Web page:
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A decision analytic approach to commissioning ambulance cardiac services

A decision analytic approach to commissioning ambulance cardiac services The paper discusses how a decision analytic framework has been used by an English health authority in relation to the commissioning of ambulance cardiac services. Strategies for the management by ambulance personnel of victims of cardiac arrest and persons with acute chest pain of cardiac origin were modelled in a decision‐event tree, and a bibliographic database established. The international research literature prior to 1997 was searched in order to derive probability values for the tree. However, after checking whether the sub‐groupings of results in the papers were in accordance with the variables in the tree, the number of useful papers on acute chest pain was found to be only two. In the almost complete absence of information ‐ even from small observational studies ‐ on the management of the great majority of patients with cardiac symptoms transported by ambulance, the local ambulance service and the main providers of hospital services in the district are now collaborating in field studies of cardiac care in order to improve the inputs into the model. http://www.deepdyve.com/assets/images/DeepDyve-Logo-lg.png Journal of Management in Medicine Emerald Publishing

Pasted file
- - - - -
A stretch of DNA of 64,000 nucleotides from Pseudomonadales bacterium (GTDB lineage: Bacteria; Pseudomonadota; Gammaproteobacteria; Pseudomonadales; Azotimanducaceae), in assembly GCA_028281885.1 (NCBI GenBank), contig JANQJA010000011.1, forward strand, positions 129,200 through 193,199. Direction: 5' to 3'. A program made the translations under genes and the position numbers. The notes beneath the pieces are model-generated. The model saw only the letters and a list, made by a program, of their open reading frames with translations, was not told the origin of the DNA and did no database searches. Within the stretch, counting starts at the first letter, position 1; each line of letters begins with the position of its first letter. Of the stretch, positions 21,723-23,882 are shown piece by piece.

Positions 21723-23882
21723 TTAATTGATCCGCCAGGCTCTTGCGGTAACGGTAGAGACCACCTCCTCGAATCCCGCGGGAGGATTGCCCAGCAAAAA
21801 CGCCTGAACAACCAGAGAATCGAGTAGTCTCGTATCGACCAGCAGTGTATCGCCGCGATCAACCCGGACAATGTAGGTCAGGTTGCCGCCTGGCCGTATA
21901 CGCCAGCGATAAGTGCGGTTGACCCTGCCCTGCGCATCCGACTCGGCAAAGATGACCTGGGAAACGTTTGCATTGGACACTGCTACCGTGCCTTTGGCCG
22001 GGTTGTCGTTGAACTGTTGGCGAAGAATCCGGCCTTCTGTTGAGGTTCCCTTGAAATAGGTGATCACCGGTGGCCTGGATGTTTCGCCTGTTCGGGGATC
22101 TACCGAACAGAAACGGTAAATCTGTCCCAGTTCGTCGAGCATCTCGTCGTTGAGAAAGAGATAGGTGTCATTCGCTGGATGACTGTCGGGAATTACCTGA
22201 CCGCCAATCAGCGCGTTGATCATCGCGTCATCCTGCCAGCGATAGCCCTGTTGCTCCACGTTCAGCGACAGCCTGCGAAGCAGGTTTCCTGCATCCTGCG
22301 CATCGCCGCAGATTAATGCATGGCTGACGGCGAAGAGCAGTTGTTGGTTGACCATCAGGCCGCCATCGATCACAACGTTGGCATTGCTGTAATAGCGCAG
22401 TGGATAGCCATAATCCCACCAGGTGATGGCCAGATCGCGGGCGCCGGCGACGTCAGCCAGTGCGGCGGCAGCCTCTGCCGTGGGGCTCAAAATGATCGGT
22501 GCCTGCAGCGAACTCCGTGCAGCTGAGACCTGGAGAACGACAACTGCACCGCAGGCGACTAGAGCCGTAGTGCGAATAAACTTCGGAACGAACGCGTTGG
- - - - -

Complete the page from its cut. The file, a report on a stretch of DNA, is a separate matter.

A decision analytic approach to commissioning ambulance cardiac services

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Publisher
Emerald Publishing
Copyright
Copyright © 1998 MCB UP Ltd. All rights reserved.
ISSN
0268-9235
DOI
10.1108/02689239810227100
Publisher site
See Article on Publisher Site

Abstract

The paper discusses how a decision analytic framework has been used by an English health authority in relation to the commissioning of ambulance cardiac services. Strategies for the management by ambulance personnel of victims of cardiac arrest and persons with acute chest pain of cardiac origin were modelled in a decision‐event tree, and a bibliographic database established. The international research literature prior to 1997 was searched in order to derive probability values for the tree. However, after checking whether the sub‐groupings of results in the papers were in accordance with the variables in the tree, the number of useful papers on acute chest pain was found to be only two. In the almost complete absence of information ‐ even from small observational studies ‐ on the management of the great majority of patients with cardiac symptoms transported by ambulance, the local ambulance service and the main providers of hospital services in the district are now collaborating in field studies of cardiac care in order to improve the inputs into the model.

Journal

Journal of Management in MedicineEmerald Publishing

Published: Apr 1, 1998

Keywords: Ambulance services; Decision trees; Health authorities; UK

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